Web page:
Absorbing the ABSORB II BVS Data, and More TCT Takeaways

; Sunil V. Rao, MD


November 09, 2016

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Robert A. Harrington, MD: Hi. I am Bob Harrington from Stanford University. I am here at the Transcatheter Cardiovascular Therapeutics (TCT) 2016 meeting in Washington, DC. It is a real pleasure on the first day of the meeting—technically, the second day of the meeting—to be with my friend and longtime colleague Sunil Rao from Duke. Sunil is the chief of cardiology at the Durham VA Medical Center, professor of medicine, and a senior investigator with the Duke Clinic Research Institute. Sunil, thanks for joining me.

Sunil V. Rao, MD: Thanks for having me, Bob.

Dr Harrington: Amazing first day at the TCT. We have seen a lot of interesting trial results. Given your cath lab presence, let's focus on two of the issues and come back to [a topic] that is really important to you, which is femoral vs radial access. Two trials presented today were the long-term follow-up of ABSORB II,[1] which is the bioresorbable stent or scaffold, and an imaging study that compared optical coherence tomography (OCT), intravascular ultrasound (IVUS), and routine angiography for stent expansion. Let's cover ABSORB II first.

ABSORB and the Resurgence of Stents

Dr Rao: Okay. Fascinating, right? Stents are interesting again. We had a period of time in interventional cardiology when we thought that we had everything solved; there was a lot of focus on structural heart disease. Now, with the Norwegian Coronary Stent Trial (NORSTENT) data[2] and with the availability of bioresorbable vascular scaffolds, we are talking about stents again. This is an interesting study. Just to remind folks, the Absorb GT1 Bioresorbable Vascular Scaffold (BVS) System (Abbott Vascular; Abbott Park, Illinois) is now available based on the pivotal ABSORB III trial.[3] That was a noninferiority study compared against the everolimus-eluting stent (Absorb; Abbott Vascular) made by the same manufacturer.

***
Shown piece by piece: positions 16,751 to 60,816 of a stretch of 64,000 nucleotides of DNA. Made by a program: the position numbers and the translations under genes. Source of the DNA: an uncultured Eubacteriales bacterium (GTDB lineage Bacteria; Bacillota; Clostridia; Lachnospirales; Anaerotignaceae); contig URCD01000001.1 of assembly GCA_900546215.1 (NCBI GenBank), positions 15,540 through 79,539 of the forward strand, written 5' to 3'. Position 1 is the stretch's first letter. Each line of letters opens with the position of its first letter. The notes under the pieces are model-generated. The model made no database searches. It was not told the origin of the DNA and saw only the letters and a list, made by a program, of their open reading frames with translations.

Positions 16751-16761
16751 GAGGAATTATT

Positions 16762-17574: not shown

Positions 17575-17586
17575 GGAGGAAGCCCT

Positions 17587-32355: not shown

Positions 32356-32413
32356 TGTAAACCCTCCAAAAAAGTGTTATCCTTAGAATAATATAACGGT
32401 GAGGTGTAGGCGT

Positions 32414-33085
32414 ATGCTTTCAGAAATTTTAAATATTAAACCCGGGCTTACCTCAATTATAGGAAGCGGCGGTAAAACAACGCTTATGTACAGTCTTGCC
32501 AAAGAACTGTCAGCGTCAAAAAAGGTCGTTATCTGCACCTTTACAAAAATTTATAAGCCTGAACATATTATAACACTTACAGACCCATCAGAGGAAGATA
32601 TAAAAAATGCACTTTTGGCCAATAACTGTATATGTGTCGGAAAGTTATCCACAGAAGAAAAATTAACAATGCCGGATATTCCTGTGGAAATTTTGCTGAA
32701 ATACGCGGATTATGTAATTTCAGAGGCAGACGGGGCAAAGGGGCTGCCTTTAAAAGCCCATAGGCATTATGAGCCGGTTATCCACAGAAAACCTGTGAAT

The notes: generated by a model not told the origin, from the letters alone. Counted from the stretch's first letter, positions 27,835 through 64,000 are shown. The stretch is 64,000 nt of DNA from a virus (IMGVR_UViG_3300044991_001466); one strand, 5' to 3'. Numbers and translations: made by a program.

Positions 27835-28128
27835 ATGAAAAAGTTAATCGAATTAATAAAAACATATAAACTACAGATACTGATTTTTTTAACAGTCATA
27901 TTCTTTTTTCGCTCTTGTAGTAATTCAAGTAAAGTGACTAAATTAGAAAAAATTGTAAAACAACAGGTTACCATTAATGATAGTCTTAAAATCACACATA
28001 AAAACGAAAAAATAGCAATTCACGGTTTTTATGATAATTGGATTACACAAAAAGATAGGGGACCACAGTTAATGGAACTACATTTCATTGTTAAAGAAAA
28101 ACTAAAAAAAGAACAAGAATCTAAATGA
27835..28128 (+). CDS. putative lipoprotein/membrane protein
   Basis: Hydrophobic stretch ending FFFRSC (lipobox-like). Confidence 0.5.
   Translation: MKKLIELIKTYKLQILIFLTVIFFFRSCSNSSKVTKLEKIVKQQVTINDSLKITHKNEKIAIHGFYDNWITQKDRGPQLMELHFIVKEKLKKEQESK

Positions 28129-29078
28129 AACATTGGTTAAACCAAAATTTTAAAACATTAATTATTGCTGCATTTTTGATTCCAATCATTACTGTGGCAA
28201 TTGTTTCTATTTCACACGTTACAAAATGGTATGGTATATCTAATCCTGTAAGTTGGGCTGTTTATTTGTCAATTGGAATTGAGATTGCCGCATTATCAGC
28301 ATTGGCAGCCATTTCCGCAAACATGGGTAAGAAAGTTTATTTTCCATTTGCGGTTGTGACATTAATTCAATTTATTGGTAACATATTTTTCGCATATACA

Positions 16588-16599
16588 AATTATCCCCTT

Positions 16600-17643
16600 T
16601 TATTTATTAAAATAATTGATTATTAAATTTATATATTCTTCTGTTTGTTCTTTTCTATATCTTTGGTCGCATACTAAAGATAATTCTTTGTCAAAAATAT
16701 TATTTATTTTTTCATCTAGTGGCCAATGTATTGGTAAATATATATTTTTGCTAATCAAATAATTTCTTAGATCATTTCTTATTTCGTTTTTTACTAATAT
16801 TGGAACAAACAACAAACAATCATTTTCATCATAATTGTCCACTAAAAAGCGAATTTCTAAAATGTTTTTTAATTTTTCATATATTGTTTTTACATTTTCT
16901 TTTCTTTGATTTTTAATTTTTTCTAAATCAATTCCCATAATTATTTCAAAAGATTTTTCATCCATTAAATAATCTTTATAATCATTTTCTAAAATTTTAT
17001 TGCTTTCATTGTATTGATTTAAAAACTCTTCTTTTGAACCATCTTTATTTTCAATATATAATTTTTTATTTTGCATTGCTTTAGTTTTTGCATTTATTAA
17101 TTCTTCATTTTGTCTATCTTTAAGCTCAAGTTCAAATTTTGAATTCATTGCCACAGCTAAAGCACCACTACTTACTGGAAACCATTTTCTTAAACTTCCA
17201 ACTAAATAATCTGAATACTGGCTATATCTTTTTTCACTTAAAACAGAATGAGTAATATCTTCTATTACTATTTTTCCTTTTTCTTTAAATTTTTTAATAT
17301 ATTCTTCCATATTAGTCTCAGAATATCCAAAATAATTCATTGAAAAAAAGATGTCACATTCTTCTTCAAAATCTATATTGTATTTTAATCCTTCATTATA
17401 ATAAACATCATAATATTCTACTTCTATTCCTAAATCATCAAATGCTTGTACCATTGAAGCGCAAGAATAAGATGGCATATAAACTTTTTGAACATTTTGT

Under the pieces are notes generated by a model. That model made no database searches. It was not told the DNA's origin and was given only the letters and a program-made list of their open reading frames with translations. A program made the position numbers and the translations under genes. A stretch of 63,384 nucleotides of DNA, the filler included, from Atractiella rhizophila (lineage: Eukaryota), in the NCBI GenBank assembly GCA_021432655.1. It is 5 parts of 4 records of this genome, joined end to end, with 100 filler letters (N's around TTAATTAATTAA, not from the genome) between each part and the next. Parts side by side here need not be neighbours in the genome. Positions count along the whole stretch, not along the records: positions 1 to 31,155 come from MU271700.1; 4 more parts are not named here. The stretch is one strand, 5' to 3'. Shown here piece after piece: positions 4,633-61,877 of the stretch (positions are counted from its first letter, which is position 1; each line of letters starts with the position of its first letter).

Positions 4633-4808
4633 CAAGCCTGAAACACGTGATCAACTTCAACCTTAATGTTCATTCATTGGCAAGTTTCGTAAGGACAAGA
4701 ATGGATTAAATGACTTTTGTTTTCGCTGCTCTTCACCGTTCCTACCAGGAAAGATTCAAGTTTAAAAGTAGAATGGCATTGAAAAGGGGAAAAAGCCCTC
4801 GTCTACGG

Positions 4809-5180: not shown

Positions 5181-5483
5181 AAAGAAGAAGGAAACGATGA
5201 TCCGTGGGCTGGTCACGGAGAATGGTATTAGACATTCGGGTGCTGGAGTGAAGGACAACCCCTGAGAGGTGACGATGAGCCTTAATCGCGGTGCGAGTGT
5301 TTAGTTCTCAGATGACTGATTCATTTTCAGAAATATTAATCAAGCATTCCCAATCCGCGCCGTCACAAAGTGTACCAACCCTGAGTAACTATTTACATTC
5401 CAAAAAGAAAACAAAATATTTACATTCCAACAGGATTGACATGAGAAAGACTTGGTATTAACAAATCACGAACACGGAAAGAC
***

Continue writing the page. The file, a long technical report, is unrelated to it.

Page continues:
The background of this is twofold. One is that percutaneous coronary intervention (PCI) has become sophisticated now. The stents are excellent: They have very low rates of stent thrombosis and very low rates of target lesion revascularization. But, at the end of the day, we're still leaving a metal cage inside the artery. The question is: If that [cage] goes away, is that beneficial for patients? In the ABSORB III experience,[1] it was a noninferiority trial with a signal for potential late stent thrombosis or scaffold thrombosis, as the case may be, in the BVS arm. When you parse the data, it looks like it was probably in smaller vessels less than 2.5 mm in diameter.

Dr Harrington: Let's stop at that because that is what was known before we saw the results today. As I think about the bioresorbable stent, it really takes me back many years. As you know, our mutual colleague Richard Stack was working on this back in the '80s and '90s. When I arrived at Duke, there was a program underway in Richard's lab looking at bioabsorbable stents. They never figured out the polymer issue in terms of it causing an inflammatory reaction. A lot of that research got shelved. How many times has a patient asked you, "Doc, what happens to that metal that you put in my heart? Can you take it back out if I have a problem? What if I need bypass surgery? Can you get around it?" These are legitimate concerns. I agree with you. Stents are interesting again.

Dr Rao: They are. The reality is that we're not talking a lot about physiology like we used to in the old days. But there are some issues with the vasomotor reactivity of coronaries and what that translates into in terms of clinical outcome. If you have a platform that eventually goes away, does that restore vasomotor reactivity of the vessel? Does it become normal again?

Dr Harrington: Great question.

Dr Rao: Yes, and patients are very interested in that.

Dr Harrington: Patients are really interested; and certainly after the ABSORB III results came out, it led to approval of the device for commercial use in the United States.[2] It had already been used in other areas of the world, which is not unusual.

Dr Rao: Absolutely. Other people outside the United States were using it, for example, in the very young patient, a 40-year-old who may have a long life and require bypass surgery at some point in the future.

Tradeoffs in Noninferiority Trial Design